Delaware looks to find the right paths to equitable vaccine distribution | Delaware First Media
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Delaware looks to find the right paths to equitable vaccine distribution

Feb 23, 2021

State officials detail how they’re trying to reach underserved communities to achieve equitable COVID vaccine distribution in the First State.


"It is a priority for all of us to make sure that vaccination is distributed equitably with regards to all communities in our state." said Delaware Division of Public Health director Dr. Karyl Rattay, emphasizing the importance of reaching underserved communities.

To date, only 9 percent of the over 182,000 vaccine doses administered statewide went to Black residents and only 2 percent to Hispanic or Latino Delawareans. 

The state is leaning on five pathways to change that - including federally qualified health centers like La Red in Sussex, Westside in New Castle and Kent, and Henrietta Johnson in Wilmington.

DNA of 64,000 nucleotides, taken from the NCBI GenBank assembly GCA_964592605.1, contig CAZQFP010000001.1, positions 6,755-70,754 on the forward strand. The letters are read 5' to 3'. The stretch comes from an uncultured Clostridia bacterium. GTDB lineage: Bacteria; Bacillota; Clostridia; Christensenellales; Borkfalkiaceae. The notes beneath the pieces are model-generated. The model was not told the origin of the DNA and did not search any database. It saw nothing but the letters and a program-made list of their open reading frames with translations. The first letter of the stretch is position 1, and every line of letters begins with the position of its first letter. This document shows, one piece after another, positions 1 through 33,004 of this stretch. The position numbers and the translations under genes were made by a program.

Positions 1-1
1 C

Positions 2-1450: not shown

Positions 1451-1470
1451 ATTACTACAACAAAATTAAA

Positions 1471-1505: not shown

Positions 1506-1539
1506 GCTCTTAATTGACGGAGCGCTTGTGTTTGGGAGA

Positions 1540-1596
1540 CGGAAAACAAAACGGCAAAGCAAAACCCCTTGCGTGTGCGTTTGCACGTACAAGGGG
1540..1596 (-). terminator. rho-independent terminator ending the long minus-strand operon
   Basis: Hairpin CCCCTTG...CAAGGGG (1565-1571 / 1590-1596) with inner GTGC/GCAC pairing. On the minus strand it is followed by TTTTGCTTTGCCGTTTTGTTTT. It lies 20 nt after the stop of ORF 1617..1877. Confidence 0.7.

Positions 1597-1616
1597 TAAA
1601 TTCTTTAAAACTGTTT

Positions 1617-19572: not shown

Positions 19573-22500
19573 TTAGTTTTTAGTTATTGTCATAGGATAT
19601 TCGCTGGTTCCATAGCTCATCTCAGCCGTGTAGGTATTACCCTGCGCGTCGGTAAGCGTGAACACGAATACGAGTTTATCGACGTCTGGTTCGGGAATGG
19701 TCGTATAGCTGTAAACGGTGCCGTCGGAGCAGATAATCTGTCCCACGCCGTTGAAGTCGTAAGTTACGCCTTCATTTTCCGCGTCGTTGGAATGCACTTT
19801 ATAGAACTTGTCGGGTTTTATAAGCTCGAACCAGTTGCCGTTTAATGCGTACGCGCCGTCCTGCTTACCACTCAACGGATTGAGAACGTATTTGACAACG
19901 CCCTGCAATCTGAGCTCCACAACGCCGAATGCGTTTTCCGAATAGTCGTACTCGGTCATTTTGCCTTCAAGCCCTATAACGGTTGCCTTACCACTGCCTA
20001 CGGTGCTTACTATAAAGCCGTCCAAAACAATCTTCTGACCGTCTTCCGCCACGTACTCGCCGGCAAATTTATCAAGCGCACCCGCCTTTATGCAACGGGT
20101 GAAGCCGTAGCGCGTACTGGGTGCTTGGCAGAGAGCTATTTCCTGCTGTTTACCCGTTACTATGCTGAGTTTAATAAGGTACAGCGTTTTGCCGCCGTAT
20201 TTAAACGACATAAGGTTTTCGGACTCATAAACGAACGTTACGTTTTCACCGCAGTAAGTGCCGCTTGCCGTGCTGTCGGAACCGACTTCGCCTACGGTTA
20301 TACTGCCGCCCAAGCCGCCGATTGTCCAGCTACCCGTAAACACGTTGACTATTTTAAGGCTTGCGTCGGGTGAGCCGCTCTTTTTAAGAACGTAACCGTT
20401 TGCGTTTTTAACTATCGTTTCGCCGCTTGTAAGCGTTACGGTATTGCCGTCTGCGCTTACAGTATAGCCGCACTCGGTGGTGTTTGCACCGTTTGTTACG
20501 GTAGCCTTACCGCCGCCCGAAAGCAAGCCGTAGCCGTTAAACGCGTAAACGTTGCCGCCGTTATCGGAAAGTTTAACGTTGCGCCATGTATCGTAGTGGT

Rattay says fixed vaccination community sites are another part of the plan.

"That are in and easily accessible to underserved populations, especially for those who have trouble with transportation, trouble with traveling," said Rattay. "Our state service centers are possible locations for some of these, but also possibly community organizations and community centers."

The state would also like to use Curative sites like it does with testing and provider partnerships with hospitals.

Rotating community sites that include small pop ups in senior housing are part of the equation- as well as a bus called the Vax Machine as Governor Carney details.

"This is a partnership with CarePortMD. Taking vaccines into the community and hopefully providing another mechanism for getting more difficult populations to get vaccinated. we have a clinic happening at Rosehill Community Center," said Carney.

That first event at the Rose Hill Community Center will take place on Wednesday. 

Rattay notes they’re also using focus groups to reach those with questions, and they’re engaging with community leaders including religious leaders, Black leaders, and Hispanic leaders.

The state is also providing multilingual toolkits to community organizations to help to better get the word out about vaccinations in all communities.